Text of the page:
Should I use a harness or a head halter on my dog?

To determine this, the questions to ask yourself are: 
  1. How strong is your dog?
  2. And how much more control do you feel you need in order to walk your dog safely?

For example, if your dog is a 100+ pound German shepherd, then a head halter may be the wiser choice; whereas if your dog is a 5 pound chihuahua, you will likely be satisfied with a harness. So make the decision you feel most comfortable with.

One important note: Head halters require dedicated training sessions before using them. Your dog must be trained to feel comfortable wearing a head halter in small, gradual steps. On the other hand, most dogs will take to wearing a body harness straight away, allowing you to skip these acclimation steps and get right to walking with it. In general, I suggest trying a harness first, and if you still want more control after that, then move up to a head halter. Contact a positive reinforcement trainer for help; Or see the Resources section below for videos demonstrating how to acclimate your dog to a head halter.


Treats are absolutely essential to promote your dog’s best behavior. Treats are a convenient way to reward good behaviors, and they’re useful for getting your dog out of potentially sticky situations. For example, feed your dog a treat for calmly looking at their triggers without reacting. You can also use treats to guide your dog behind a barrier or to change directions so that you can avoid your dog’s triggers.

What kind of treats should I use?

  • Use treats your dog doesn’t just like, but LOVES. They must be valuable enough to capture your dog’s attention even in distracting environments (I.e. a walk)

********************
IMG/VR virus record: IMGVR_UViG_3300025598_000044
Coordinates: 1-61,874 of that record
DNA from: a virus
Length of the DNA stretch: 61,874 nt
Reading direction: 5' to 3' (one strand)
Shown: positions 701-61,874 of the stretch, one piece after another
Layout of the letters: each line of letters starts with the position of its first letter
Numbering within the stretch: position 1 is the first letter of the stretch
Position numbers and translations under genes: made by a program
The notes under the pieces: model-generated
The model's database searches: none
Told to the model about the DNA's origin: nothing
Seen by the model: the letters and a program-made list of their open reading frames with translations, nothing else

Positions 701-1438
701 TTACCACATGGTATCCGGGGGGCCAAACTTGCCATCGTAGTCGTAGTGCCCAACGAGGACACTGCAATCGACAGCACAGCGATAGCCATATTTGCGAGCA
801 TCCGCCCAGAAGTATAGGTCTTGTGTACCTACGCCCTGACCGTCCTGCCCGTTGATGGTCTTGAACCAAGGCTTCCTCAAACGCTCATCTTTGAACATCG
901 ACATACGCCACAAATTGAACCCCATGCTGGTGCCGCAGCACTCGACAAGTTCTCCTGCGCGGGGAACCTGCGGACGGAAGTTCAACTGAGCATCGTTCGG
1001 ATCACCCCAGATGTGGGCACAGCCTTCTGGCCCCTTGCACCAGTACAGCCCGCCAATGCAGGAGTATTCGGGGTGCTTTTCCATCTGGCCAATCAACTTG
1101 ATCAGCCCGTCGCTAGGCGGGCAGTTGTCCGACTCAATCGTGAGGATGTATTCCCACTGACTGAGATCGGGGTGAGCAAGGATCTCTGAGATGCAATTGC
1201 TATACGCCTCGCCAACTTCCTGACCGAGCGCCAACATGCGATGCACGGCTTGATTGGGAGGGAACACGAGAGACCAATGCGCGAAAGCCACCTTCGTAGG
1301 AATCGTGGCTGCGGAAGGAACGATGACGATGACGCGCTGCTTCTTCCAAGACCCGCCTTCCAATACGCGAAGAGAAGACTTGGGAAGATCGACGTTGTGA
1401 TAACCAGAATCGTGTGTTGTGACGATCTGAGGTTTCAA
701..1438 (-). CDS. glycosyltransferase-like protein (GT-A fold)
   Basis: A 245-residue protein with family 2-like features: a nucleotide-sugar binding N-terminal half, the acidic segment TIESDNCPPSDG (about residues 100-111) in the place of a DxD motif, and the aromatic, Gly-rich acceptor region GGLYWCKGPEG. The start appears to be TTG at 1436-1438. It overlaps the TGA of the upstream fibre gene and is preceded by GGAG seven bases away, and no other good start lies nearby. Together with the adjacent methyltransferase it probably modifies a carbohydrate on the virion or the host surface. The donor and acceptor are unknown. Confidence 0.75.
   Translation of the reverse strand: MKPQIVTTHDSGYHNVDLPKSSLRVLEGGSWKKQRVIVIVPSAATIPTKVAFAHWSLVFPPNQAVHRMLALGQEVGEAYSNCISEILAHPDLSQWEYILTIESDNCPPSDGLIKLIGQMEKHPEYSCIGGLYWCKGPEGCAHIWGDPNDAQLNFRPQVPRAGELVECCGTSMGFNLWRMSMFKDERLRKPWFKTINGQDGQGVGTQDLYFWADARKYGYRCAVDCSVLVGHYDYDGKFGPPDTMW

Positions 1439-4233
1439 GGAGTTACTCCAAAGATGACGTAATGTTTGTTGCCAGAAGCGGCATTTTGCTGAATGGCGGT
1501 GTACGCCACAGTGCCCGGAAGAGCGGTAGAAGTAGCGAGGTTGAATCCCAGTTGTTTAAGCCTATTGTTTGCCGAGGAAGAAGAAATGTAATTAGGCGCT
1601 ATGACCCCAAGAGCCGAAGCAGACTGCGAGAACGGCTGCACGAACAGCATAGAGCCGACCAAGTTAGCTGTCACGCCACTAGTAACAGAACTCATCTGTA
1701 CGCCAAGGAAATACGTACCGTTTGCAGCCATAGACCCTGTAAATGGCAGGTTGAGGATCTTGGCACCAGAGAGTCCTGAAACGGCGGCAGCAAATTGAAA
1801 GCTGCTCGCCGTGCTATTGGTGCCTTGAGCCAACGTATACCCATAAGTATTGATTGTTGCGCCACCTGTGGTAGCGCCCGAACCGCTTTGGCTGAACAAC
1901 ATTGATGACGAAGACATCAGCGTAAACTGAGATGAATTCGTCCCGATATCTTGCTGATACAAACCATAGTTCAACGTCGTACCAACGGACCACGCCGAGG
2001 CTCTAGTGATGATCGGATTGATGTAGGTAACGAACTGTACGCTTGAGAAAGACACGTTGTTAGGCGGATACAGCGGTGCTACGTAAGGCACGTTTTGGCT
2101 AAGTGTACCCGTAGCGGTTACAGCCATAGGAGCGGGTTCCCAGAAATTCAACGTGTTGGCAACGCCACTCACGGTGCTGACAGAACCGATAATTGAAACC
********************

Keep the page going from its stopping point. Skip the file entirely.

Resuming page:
• Soft, small store-bought training treats are easy to find and a good choice for most dogs.
  • Beware that treats your dog seems to like when you’re at home might become much less interesting when you’re outdoors on a walk. A good test is to offer your dog a “Freebie” when you’re on your usual walk – will they take the treat? Or do they turn up their nose and go back to sniffing? This will tell if you need to up your treat-game or not.
  • For pickier eaters, I like to use small bits of real meat or cheese.

Treat Pouch (Optional)

This last item is optional but extremely useful. Consider wearing a treat bag on every walk. You can get a bag like this one, which has space to store training treats, poo bags, keys, and a cell phone with room to spare. When walking a reactive dog, that extra couple of seconds it takes to fumble through your pockets for treats could be the sole difference between your dog barking and lunging or passing by calmly. And, once you own a treat pouch, you’ll never have an excuse to be caught walking your dog without treats again.

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Mara Clare Van Valzah, CTC, ANWI

Dog Trainer & Behavior Consultant

I founded Collaborative Canines to help dog owners to better understand, communicate with, and live joy-filled lives with their pets. Here, I share my dog training stories, tips, and tricks with you and other dog lovers all over the world.